Rainy Mood

I love this site. It is just a site where you can listen to rain. Pair the rain with music or just listen to the storm as you write. Rain and thunder is soothing and can put me in a good place creativity wise.

 

Neil Gaiman’s Journal

This won’t be a link for everyone but let me make my case. Whenever I read something Neil has written in his journal I feel a surge of creativity. I don’t always know what to do channel that creativity into but sometimes it gives me just the boost I need to write those next thousand words. My boyfriend watches interviews or live concerts from his favorite musicians when he is stuck on a song he is writing. What might help you is to think of someone you admire-really admire- for one reason or another and read what they have to say on…anything. Whether it be writing or the fine art of coffee brewing, if it inspires you it inspires you. Use that.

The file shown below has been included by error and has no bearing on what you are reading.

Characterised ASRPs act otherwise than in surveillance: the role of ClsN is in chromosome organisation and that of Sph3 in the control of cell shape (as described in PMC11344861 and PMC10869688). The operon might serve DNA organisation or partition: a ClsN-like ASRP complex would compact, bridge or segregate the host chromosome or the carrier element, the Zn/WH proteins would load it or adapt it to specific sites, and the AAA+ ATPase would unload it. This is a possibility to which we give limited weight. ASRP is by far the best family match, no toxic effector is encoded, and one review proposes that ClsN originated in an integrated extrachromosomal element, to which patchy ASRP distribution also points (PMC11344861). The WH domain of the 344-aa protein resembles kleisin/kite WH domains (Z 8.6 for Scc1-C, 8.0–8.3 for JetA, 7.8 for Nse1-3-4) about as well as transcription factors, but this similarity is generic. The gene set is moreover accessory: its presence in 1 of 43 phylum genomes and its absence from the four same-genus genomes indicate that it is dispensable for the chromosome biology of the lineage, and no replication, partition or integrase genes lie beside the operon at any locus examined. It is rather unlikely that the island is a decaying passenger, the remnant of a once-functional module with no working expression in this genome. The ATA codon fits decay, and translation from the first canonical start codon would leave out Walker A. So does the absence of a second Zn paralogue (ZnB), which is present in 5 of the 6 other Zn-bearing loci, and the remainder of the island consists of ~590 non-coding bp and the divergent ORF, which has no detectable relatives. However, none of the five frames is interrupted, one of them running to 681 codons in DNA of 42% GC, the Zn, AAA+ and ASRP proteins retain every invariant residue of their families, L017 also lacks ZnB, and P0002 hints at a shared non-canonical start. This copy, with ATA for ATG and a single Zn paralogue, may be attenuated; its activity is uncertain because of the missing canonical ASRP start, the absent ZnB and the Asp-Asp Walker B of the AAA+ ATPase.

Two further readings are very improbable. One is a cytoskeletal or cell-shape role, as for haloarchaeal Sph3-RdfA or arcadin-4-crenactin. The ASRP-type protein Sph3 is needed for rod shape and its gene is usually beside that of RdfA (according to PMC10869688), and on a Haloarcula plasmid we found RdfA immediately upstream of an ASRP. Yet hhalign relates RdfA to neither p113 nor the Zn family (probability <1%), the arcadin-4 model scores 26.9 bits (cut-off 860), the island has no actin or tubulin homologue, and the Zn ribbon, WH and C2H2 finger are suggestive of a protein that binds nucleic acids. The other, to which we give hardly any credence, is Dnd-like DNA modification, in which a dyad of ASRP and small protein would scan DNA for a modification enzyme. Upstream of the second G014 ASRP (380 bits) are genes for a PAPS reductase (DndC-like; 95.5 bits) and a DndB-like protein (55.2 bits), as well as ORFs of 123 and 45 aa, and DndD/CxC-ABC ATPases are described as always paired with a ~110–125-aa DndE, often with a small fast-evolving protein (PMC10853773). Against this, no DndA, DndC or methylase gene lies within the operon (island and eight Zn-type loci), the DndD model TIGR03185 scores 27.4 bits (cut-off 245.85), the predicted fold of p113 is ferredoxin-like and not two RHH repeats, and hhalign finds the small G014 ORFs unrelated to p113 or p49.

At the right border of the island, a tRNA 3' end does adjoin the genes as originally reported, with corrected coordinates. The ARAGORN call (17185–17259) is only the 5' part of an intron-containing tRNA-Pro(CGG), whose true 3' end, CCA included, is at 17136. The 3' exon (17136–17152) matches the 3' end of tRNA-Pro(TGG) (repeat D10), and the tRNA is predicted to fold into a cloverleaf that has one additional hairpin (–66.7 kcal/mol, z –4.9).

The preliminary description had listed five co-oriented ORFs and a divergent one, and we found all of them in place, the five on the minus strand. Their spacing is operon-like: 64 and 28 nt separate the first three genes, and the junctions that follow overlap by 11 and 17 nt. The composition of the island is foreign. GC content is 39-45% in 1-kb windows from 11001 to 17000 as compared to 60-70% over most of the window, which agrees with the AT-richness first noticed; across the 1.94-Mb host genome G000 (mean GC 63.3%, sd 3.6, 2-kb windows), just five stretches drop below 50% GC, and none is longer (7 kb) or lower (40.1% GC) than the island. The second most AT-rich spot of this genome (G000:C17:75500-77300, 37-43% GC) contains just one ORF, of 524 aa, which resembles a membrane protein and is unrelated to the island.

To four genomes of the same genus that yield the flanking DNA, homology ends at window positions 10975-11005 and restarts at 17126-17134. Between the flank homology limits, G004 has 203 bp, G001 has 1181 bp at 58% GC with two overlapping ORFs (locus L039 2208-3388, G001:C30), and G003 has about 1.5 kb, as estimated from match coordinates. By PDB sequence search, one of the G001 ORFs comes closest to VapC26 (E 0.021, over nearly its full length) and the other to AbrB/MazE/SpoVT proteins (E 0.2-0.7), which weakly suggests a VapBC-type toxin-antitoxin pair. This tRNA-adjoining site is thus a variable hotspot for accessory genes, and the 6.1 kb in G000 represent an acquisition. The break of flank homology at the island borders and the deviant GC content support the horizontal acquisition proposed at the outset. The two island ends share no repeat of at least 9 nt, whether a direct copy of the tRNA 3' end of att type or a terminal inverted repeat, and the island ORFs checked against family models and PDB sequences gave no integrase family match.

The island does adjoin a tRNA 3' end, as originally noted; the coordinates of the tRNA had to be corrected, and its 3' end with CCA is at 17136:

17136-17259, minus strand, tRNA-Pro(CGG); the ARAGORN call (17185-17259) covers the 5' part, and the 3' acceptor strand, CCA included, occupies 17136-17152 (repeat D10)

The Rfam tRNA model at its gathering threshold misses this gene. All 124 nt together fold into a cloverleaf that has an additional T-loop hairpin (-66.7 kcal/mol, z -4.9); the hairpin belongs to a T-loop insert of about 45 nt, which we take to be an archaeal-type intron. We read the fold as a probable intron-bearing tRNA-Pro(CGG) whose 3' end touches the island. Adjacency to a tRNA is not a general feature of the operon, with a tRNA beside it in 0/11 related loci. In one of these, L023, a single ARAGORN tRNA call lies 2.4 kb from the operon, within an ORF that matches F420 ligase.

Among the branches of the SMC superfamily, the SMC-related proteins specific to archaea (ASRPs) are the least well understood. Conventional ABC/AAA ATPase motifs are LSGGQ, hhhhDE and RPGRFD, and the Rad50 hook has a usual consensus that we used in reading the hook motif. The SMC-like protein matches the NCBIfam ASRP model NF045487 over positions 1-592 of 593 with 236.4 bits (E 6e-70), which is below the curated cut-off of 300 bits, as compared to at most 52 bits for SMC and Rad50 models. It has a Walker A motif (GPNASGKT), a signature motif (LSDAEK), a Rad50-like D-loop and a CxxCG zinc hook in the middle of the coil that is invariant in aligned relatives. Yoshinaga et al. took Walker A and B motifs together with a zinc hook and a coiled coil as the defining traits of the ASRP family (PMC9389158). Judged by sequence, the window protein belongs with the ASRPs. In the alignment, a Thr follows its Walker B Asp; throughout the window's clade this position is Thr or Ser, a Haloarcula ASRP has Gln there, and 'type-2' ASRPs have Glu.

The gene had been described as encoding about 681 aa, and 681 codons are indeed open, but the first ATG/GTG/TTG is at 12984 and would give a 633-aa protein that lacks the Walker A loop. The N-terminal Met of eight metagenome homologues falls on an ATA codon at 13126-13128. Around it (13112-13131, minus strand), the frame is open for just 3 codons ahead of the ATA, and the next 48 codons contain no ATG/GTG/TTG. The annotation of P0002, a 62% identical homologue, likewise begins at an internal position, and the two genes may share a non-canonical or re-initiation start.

Neil Gaiman’s “Make Good Art” Speech

I have linked to this before and I will link to this again. This fills my soul to brimming with joy when I listen to it and I will listen to it over and over again, especially when I am feeling discouraged. Some of my favorite highlights of the speech were made into a comic you can view here. Things to keep you going such as “Husband runs off with a politician? Make good art. Leg is crushed and then eaten by a mutated boa constrictor? Make good art” It’s a good way to spend twenty minutes to get out of your head and remember why you write. Laugh, get teary eyed, and then get back at your keyboard and finish that chapter.

Don’t Forget My Own Blog Post on Breaking Writers Block!